While deputy-head of Fortismere School in North London, I started off as a literary translator with Juan Goytisolo’s Forbidden Territory, where he recounts, amongst other things, his escapades with Jaime Gil de Biedma around Barcelona’s backstreets and brothels. That translation led to commissions to work on five Channel 4 television programmes on international culture. For Islam in Spain I interviewed a Pakistani worker, in a bar off the Plaça Reial, who told me of his long journey to Catalonia via five hard years as a coalminer in León, and a Lebanese bartender who was scathing about Catalan ignorance of the medieval co-existence of Christians, Jews and Arabs – “I was taught about that in Beirut, here it’s not mentioned – five hundred years of their history!” The Barri Xino was changing, on its way to becoming the Raval of today that Goytisolo likes to compare to Marrakesh. I also wrote up a trial by the Inquisition of a Spanish Muslim that we filmed in a Renaissance basement on Carrer de la Canuda with Catalan actors. By now my interest in the history, literatures and politics of Catalonia and Spain had led to a new life dedicated to literary translation, practising, teaching and promoting it, and finally to Barcelona in 2003 as a full-time freelancer with a Catalan wife, translator and novelist, Teresa Solana.

What have the last eleven years taught me about the city? Like most large cities with a history, it is a series of villages, and in the typical freelancer’s pursuit of solvency I have lived in five of them, translating some of the best contemporary Catalan writing. My physical exploration of the different neighbourhoods of Sarrià, Sant Gervasi, Gràcia, Vallcarca and El Putxet was accompanied by immersion in the literary worlds of Quim Monzó, Empar Moliner, Najat el Hachmi, Joan Sales, Mercè Rodoreda, Josep Pla and, of course, Teresa Solana.

© Pérez de Rozas / AFB
Franco’s death in the newspapers in kiosks on the Rambla, on 20 November 1975.

I breathed in the fresh mountain breezes as I walked along the paths above Carrer de Cardedeu that lead to a quiet, local park beautifully fashioned from an old quarry by Bohigas and Mackay with the help of a Chillida sculpture. In Pérez Galdós in Gràcia we couldn’t open the window over the street because of petrol fumes from the line of cars – so much for the estate agent’s claim that it was to be traffic free. I stood by the door while our drunken neighbour hammered at 2 am one morning. I cursed every ceiling that collapsed and every tottering parapet – another unexpected extra to fork out on top of the mortgage. I saw old ladies in Carrer d’Hercegovina sporting bracelets with the Francoist flag, the same flag with the eagle that hooting motorists draped around their torsos on the night of the clásico. I watched anarchists in squatters’ gothic garb walking their mastiffs in Plaça del Diamant. I sat on white leather sofas in white-painted rooms where Moët was served and one heard about the virtues of “black” money.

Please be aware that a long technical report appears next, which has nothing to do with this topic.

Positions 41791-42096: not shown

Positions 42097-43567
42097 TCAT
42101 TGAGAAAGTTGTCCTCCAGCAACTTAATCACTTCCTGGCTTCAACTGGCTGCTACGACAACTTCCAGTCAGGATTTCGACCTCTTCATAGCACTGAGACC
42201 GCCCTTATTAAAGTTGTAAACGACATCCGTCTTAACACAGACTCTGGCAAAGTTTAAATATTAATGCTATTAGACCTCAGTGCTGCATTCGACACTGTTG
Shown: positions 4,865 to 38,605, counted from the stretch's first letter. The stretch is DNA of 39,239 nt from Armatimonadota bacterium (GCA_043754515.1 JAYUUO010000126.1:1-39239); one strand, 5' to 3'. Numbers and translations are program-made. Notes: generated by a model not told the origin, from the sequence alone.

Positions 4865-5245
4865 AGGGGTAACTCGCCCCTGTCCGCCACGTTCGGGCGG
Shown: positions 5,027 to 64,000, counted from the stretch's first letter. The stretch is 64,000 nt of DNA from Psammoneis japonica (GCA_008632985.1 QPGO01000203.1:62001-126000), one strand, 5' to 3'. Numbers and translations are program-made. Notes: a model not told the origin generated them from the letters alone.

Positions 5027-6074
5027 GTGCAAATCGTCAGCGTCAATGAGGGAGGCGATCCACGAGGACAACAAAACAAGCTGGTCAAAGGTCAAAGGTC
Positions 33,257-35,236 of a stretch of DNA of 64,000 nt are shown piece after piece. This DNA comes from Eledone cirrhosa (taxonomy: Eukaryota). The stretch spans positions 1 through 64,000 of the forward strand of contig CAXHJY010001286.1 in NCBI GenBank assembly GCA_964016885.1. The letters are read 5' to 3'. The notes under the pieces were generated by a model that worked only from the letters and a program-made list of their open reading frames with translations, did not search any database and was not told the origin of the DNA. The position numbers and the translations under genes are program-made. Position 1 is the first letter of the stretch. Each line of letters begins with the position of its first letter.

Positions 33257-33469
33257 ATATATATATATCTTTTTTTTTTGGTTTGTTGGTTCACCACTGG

Nothing to beats the instant research of experience when translating ironic prose writers with a less than heroic vision of their city and class divides that continue for those not simply on a “stag-party” weekend down in Barceloneta. The many Catalan fictions now available in English highlight the life and history of the city in prose that is as artful, incisive and original as any Gaudí or Picasso. And when the opportunity came to translate Joan Sales’s Uncertain Glory, in the course of my many drafts, memories of the hours spent studying the conflicts between anarchists and Marxists in the 1870s, or in fierce argument with supporters of the different strands of Trotskyism in Barcelona in the early 1970s, came flooding back to bring life to my language. Here was a great novel with an insider’s vision of the civil war and writing that goes beyond Orwell and Hemingway. What greater challenge could a literary translator wish for?

Peter Roland Bush

Translator. University of Oxford